quinta-feira, 1 de dezembro de 2022

My list of the top 10 videogames I played this year!

Here it is! A small list full of epic games!

1.Silt



2.Source of Madness



3.TMNT: Shredder’s Revenge



4.A Short Hike



5.Akane



6.Cult of the Lamb



7.Moonscars



8.Elden Ring



9.Signalis



10.Snap



#GoGamers

quarta-feira, 2 de novembro de 2022

ONE LAST GAME: to think games beyond pure entertainment

ONE LAST GAME is an intense 3 Minute game where you play a final game of checkers with a loved One.

Created for the GMTK Game Jam 2020, in ONE LAST GAME you find yourself sitting down at a table in-front of a checkers board with an old and rather unhappy man sat across from you. You proceed to play checkers, but it soon becomes apparent why your companion is so unhappy – there’s a war going on outside. It only takes three minutes to play through One Last Game but it’s a powerful experience that will stay with you for a long time afterward.

Check the full gameplay below:



This game is an experiment that can prove how powerful games can be to cast serious messages and some thinking about contemporary themes. ONE LAST GAME it is an excellent proof of how games can be media and convey content to broad audiences.

#GoGamers

domingo, 2 de outubro de 2022

Cascadia: a perfect balance between theme and abstraction in a boardgame

Cascadia has just arrived in my collection last week. That’s the "family game" big winner in the last Spiel des Jahres (the well-known "Oscar" of board games).

The board game is a puzzly tile-laying and token-drafting game featuring the habitats and wildlife of the Pacific Northwest. In the game, you take turns building out your own terrain area and populating it with wildlife. You start with three hexagonal habitat tiles (with the five types of habitats in the game), and on a turn you choose a new habitat tile that's paired with a wildlife token, then place that tile next to your other ones and place the wildlife token on an appropriate habitat. (Each tile depicts 1-3 types of wildlife from the five types in the game, and you can place at most one tile on a habitat.) Four tiles are on display, with each tile being paired at random with a wildlife token, so you must make the best of what's available — unless you have a nature token to spend so that you can pick your choice of each item.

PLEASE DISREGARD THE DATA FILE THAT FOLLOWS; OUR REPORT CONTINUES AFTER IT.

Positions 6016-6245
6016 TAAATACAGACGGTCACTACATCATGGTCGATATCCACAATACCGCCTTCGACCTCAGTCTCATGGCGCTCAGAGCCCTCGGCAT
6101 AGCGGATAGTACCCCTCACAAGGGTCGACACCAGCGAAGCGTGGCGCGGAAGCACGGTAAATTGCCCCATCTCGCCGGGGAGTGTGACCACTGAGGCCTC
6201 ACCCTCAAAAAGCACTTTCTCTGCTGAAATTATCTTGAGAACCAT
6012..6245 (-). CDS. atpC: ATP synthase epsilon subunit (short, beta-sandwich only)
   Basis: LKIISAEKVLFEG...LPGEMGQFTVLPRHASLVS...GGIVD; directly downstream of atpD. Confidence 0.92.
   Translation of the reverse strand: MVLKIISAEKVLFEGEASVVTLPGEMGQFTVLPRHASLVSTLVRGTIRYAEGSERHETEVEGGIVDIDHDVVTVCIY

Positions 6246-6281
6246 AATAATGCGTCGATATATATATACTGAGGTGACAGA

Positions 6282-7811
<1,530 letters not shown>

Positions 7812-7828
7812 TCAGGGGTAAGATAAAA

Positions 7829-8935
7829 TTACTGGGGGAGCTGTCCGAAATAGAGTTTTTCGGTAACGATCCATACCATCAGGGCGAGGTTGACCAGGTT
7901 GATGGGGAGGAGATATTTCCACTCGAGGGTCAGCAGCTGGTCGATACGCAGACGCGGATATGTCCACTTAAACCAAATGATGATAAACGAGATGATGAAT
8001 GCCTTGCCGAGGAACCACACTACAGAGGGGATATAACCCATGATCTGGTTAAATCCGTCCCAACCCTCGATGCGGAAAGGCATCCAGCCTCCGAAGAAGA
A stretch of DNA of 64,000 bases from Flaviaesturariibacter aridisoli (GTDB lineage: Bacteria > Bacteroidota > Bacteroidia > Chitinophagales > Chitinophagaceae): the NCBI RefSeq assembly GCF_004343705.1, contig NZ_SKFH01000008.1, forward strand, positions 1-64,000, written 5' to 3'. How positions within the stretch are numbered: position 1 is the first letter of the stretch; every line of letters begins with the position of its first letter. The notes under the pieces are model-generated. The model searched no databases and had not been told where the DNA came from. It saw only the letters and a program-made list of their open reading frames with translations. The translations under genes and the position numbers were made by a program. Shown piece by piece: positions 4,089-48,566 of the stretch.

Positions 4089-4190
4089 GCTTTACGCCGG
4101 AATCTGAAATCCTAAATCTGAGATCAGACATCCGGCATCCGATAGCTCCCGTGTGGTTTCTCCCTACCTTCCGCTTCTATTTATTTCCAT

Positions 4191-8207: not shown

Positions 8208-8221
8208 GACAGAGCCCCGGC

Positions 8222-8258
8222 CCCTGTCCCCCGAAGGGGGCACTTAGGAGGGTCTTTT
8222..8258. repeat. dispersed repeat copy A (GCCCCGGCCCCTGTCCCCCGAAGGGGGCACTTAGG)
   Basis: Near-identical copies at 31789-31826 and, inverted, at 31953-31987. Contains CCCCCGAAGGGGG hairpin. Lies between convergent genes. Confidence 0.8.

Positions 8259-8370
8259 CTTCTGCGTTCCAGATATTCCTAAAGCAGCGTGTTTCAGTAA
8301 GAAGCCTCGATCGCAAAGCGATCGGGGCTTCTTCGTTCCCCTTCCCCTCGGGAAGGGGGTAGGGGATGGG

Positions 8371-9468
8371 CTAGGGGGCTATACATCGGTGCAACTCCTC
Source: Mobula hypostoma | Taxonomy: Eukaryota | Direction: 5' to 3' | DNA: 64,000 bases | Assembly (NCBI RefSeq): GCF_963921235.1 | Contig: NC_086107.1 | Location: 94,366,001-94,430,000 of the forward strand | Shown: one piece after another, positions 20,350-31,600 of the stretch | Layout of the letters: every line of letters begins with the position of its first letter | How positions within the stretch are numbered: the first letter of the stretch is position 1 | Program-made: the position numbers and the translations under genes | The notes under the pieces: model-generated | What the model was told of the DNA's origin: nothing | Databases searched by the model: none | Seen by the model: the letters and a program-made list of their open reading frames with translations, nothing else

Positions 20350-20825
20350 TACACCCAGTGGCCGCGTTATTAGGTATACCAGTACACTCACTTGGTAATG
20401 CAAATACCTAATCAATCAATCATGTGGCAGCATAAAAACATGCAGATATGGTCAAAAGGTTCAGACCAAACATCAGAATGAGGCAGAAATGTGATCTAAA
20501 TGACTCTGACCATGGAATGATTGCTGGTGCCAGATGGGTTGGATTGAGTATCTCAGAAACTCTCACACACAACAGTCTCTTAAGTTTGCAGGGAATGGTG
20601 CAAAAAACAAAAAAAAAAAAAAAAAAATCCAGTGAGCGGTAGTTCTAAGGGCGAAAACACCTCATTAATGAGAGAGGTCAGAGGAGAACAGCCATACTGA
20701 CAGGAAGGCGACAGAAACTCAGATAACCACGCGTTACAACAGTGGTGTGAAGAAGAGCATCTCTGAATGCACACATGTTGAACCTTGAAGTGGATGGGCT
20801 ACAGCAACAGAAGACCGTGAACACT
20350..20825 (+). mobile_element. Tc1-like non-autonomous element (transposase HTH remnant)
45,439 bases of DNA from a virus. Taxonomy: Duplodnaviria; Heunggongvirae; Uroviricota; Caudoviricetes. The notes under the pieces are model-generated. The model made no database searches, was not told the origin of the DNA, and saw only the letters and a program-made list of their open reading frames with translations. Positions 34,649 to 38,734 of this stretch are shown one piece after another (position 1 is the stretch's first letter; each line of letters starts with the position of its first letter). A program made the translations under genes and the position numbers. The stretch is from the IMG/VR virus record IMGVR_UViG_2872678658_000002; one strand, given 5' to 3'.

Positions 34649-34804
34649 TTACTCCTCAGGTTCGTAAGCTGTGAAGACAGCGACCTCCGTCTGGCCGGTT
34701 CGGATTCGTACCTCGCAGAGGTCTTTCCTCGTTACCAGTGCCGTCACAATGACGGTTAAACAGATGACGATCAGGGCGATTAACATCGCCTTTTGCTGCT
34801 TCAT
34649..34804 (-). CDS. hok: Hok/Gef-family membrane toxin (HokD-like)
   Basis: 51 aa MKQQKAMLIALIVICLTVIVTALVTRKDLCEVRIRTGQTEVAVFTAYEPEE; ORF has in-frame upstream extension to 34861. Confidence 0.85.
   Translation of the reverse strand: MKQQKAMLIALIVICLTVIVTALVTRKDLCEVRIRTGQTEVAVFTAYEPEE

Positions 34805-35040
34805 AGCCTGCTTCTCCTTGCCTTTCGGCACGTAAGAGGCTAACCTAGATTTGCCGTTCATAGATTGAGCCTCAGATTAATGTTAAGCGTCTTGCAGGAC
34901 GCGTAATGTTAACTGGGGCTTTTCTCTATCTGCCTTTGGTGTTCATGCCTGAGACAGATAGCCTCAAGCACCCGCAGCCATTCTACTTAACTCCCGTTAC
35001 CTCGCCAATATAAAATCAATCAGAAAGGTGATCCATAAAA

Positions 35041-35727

I usually say that if you deconstruct a board/card game till the core you will probably find an abstract idea made up with geometric shapes, numbers, patterns, colors, etc. Some of these analogic games use this abstract idea to give life to whole games, as we can see in GIPF Project titles, as an example. On the other hand, we have games created with specific themes, narratives, ambiences, etc. Games that put a thematic skin on abstract mechanics.

Cascadia is a great example of how a game can establish a perfect balance between these two points. The abstract component (the core of the game´s mechanics) is easily visualized in the gaming score, in the tiles and how the colorful tokens match with them. But Randy Flynn, the game designer behind Cascadia, made an excellent thematic insertion in the abstract field of the game.

Obviously, you can change the "nature" theme from the game and place "aliens", "ninjas”, or "zombies" in the same place, but the result in terms of gaming experience will not be the same. Why? Because Flynn looked to the abstract mechanics and abstract components and found a way to describe, very close to reality, the behavior of the animals and the ecosystem around them.

Cascadia is an excellent example of how some themes connect perfectly with some mechanics. It is a practical example of the definition of "game design" proposed by Brathwaite and Schreiber (2009, p.2) who define the term as the process of creating goals that players feel motivated to achieve and rules that they follow. A process where they are making significant decisions to achieve purposes, all the time. In other words: game design is an experience architecture process; it is the materialization of an idea in the form of a game.

#GoGamers



Reference:

BRATHWAITE, Brenda;SCHREIBER, Ian. CHALLENGES FOR GAME DESIGNERS: non-digital exercises for video game designers. USA: Cengage, 2009.

quinta-feira, 1 de setembro de 2022

Source of Madness: elevating the roguelike experience